Ireland's alcoholic drinks industry has suffered its worst year in more than a quarter of a century and 9,000 jobs are set to be lost in 2009, trade body The Drinks Industry Group of Ireland (DIGI) has warned.

Kieran Tobin, chairman of the group, said today (23 March) that 2008 was the worst 12 months for the Irish drinks industry in 25 years.

Speaking at the launch of DIGI's Drinks Market Performance 2008 report, Tobin warned that flagging sales could mean up to 9,000 more job losses across the sector in 2009.

"This will come on top of those losses that have already been sustained in the past year, meaning that the numbers employed in the sector will have fallen from 100,000 to approximately 80,000 in just over two years," he said.

Last Autumn, Ireland became the first European Union member state to fall into recession.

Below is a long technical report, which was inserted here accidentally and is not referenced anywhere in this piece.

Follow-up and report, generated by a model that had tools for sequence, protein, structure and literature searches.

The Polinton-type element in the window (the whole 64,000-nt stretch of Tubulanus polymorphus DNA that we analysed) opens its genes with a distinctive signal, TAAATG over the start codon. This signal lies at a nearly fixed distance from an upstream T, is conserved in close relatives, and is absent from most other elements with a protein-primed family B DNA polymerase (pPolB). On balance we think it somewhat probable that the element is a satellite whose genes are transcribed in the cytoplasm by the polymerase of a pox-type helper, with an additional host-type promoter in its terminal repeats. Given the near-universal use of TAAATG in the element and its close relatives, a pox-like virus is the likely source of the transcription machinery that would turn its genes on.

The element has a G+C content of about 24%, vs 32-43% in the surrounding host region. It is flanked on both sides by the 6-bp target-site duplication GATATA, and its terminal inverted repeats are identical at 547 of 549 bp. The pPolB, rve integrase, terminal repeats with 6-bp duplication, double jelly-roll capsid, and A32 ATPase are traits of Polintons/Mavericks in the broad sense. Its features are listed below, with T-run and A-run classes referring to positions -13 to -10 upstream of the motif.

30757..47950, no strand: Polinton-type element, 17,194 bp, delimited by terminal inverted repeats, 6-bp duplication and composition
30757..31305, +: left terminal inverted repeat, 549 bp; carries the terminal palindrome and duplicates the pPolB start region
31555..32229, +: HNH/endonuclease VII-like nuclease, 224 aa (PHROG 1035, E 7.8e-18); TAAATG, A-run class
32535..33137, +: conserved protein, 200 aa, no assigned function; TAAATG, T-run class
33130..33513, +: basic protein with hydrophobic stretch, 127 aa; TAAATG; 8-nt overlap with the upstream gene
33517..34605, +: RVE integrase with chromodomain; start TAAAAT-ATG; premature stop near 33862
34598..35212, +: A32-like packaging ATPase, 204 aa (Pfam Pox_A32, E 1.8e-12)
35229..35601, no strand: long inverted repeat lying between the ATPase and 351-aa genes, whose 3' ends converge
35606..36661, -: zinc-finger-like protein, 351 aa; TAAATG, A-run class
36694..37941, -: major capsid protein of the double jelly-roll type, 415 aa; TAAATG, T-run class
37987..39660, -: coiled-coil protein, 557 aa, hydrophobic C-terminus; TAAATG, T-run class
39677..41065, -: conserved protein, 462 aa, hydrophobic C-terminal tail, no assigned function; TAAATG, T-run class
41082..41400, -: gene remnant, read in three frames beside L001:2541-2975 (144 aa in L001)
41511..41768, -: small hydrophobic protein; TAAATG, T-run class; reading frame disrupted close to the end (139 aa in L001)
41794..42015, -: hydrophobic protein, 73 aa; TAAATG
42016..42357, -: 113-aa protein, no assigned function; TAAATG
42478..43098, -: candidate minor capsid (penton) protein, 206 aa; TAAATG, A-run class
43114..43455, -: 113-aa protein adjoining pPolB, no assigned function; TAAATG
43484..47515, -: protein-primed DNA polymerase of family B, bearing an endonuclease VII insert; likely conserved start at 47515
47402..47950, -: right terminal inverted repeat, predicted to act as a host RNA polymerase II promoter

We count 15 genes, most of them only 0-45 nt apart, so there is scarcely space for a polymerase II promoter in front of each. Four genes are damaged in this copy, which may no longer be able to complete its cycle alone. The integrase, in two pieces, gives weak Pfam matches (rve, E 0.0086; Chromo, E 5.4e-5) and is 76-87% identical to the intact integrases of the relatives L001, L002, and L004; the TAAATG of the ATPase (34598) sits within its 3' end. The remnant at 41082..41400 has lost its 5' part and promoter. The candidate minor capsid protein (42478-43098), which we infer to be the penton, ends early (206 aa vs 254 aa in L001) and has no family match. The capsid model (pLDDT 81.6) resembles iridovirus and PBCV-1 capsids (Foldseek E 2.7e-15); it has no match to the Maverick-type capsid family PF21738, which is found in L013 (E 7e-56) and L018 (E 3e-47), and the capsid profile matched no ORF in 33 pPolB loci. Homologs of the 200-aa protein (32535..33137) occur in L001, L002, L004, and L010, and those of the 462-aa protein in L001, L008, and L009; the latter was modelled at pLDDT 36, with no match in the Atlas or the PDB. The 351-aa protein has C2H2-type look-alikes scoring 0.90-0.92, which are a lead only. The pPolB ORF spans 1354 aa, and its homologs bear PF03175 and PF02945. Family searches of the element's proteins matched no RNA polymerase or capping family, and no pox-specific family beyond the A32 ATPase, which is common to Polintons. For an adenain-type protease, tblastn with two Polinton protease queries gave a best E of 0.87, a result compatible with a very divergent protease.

Alcohol consumption fell by 5.9% for 2008 in volume terms, dragged down by a 7.2% drop in the second six months of the year, DIGI figures show.

All four alcoholic drinks categories suffered volume declines: cider was down 11%, spirits 7.7%, beer 5%, and wine 4.1%. As a result, the value of the alcohol market overall fell by 2.5% to EUR6.9bn.

Jobs are particularly at risk in the on-trade, while retail staff in the north of the Republic face growing pressure from consumers travelling into Northern Ireland to buy their drinks.

Tobin called on the Government not to increase the pressure on industry by raising duty tax in 2009.